FTC to Congress Lawrence Lessig Was Right

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A lot of people scoffed at Stanford Law School professor Lawrence Lessig when he announced that he would wager his job against the efficacy of a bounty system to track down spammers, offering that if it didn’t work, he’s resign his position at Stanford.

However, in a new report by the Federal Trade Commission to Congress, the FTC has said that such a bounty system would indeed work, provided that the rewards were high enough – like in the 100,000 to 250,000 dollar range.


The problem, however, is that the bounty funds would have to come at taxpayers’ expense, as the FTC acknowledged what every ISP and anti-spam outfit has known all along – your odds of collecting on a judgement against a spammer are near zero.

Also of note is that $100,000-$250,000 is more than the rewards offered for narcing on criminals and even terrorists.

Not surprisingly, the DMA has opposed this, saying that we should allow more time for law enforcement to work, and that we “shouldn’t rush into such a system”.

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You can read about Professor Lessig here.

No Paywall Here!
The Internet Patrol is and always has been free. We don't hide our articles behind a paywall, or restrict the number of articles you can read in a month if you don't give us money. That said, it does cost us money to run the site, so if something you read here was helpful or useful, won't you consider donating something to help keep the Internet Patrol free?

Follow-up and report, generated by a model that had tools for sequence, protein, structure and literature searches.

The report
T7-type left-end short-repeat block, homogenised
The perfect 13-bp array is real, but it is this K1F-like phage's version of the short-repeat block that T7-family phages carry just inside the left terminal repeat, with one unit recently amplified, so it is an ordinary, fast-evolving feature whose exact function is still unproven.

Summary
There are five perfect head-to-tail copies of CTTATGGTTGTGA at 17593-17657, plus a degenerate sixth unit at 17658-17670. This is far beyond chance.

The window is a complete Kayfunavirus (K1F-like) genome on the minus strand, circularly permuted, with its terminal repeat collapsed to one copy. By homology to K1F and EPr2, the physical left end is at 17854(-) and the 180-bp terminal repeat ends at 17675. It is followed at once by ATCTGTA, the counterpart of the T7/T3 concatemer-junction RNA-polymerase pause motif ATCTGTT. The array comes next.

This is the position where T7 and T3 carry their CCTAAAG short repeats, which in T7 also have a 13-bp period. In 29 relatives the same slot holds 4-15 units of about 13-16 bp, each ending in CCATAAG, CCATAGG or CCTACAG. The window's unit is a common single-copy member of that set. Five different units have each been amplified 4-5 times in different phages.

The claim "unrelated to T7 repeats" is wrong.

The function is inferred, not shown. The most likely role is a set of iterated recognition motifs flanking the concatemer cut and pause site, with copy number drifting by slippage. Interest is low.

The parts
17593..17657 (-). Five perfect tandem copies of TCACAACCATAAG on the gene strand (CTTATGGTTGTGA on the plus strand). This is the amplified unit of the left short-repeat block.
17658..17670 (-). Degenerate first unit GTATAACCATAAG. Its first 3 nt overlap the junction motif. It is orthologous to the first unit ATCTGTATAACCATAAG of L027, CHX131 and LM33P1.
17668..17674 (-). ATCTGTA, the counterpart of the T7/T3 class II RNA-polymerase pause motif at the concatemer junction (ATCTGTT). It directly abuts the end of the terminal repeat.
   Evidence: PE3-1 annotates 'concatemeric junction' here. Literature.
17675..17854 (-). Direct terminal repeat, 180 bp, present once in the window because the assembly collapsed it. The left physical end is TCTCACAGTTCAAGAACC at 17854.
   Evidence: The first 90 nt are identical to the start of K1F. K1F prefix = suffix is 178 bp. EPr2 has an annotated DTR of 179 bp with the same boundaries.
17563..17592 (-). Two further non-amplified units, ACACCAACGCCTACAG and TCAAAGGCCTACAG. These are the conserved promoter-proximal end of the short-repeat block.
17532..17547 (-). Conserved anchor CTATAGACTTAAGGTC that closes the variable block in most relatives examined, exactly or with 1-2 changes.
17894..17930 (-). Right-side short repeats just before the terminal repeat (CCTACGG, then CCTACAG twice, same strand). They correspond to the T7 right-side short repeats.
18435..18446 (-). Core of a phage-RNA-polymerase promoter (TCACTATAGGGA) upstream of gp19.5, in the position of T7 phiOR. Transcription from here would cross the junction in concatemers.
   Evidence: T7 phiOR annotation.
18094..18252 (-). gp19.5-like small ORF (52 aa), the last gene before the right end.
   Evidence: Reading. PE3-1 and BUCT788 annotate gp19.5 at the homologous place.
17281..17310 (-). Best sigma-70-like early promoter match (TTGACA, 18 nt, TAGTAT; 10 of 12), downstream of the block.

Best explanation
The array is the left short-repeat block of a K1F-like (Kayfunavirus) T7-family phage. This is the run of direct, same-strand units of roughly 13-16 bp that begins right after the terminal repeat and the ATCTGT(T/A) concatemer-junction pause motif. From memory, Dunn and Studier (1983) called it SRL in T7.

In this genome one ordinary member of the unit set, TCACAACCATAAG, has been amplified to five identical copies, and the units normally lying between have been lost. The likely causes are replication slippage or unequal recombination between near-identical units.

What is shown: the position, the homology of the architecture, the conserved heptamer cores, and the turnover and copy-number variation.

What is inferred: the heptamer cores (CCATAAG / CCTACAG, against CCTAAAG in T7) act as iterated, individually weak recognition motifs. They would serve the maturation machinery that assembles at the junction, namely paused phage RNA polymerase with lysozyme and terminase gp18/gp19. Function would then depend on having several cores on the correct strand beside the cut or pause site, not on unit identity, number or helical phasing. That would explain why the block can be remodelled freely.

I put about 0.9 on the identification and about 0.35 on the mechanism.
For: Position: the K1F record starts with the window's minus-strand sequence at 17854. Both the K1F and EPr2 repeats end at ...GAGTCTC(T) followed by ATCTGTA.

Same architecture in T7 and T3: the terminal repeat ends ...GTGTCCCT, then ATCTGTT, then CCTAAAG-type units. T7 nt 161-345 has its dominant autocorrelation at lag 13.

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One thought on “FTC to Congress Lawrence Lessig Was Right

  1. A bounty would be cool, but the right solution is private right of action for statutory damages.
    That’s what’s worked for junk faxes.
    A stupid/misleading report. Nearly all spam is UCE (Unsolicited Commercial Email)
    It’s easy to find the sender of UCE. The purpose of UCE is the C in UCE – Commerce.
    You buy what the spam is advertising (usually purchasable with a CC or check), and you follow the money.
    Buy it with a CC, request a chargeback and the identity of the seller.
    Check has the seller’s bank info on it when you get it back with your statement.
    (The latter is very convenient when you get a judgement against the spammer in small claims court and they don’t pay.)
    BTW, I’ve seen proof the above works.

    I disagree with each of the recommendations of the FTC report, which are based upon false conclusions :

    * tie eligibility to imposition of a final court order, rather than
    to collection of civil penalties;
    * fund reward payments through appropriations, rather than collected
    civil penalties;
    * restrict eligibility to insiders with high-value information;
    * minimize eligibility disputes and associated costs by exempting
    the FTC’s decisions on reward eligibility from judicial or
    administrative review; and
    * establish reward amounts high enough to attract insiders to
    provide high-value information.

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